For such cases you can either create a dataset on the fly with a set of UNIONS and reuse it in queries or, create an UPDATE statement for each pair of values. You can even automate the creation of UNION and UPDATE statements, however their use doesn’t seem so elegant, especially when you can use table value constructors. The feature seems to be hidden in documentation, as a matter of fact I found it only in the online documentation, the local help having no reference to it. Anyway, excepting a few posts on the same subject I can’t say I have seen any code until now making use of it. What’s interesting to note, before going into details, is that the ANSI SQL 94 (the earliest version of documentation I have) mentions vaguely table value constructors (p. 221), therefore I expect they are part of ANSI standard.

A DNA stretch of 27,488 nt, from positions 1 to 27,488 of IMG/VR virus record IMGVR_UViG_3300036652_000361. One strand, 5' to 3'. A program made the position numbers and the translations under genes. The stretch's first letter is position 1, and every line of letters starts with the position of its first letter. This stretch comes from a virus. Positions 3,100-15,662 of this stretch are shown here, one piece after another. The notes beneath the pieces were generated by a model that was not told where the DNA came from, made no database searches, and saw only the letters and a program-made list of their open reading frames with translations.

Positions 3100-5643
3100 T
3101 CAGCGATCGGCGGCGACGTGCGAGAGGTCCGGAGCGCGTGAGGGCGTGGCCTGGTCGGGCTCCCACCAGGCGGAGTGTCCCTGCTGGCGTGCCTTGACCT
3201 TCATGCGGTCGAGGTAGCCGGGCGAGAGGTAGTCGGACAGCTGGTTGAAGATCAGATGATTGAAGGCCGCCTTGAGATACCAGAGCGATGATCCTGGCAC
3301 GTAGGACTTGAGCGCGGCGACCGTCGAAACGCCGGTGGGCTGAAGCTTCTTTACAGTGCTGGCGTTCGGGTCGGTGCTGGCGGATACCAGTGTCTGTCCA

According to MSDN a table value constructor allows a set of row value expressions to be constructed into a table within a single DML statement. As can be seen from the MSDN examples the list of values can contain a combination of list of values and queries, as long the data type matches and only a single scalar value is provided as a row value expression Another limitation concerns the maximum number of rows constructed, the maximum value being 1000. It’s important to know these limitations, because they might force you use other approaches. Before sketching a solution for this post’s problem, let’s look how a table can be constructed on the fly given a list of pair-values:
-- example table value constructor
SELECT EmployeeId
,
VacationHours

FROM
( VALUES (101, '23')

     , (102, '82')

     , (103, '66')

     , (104, '17')

      , (105, '64')

      , (106, '56')

      , (107, '107')

      , (108, '50')

      , (109, '109')

      , (110, '48')) AS Data(EmployeeId, VacationHours)


    The table thus constructed can be further used in an UPDATE statement, the following example being based on HumanResources.Employee from AdventureWorks database.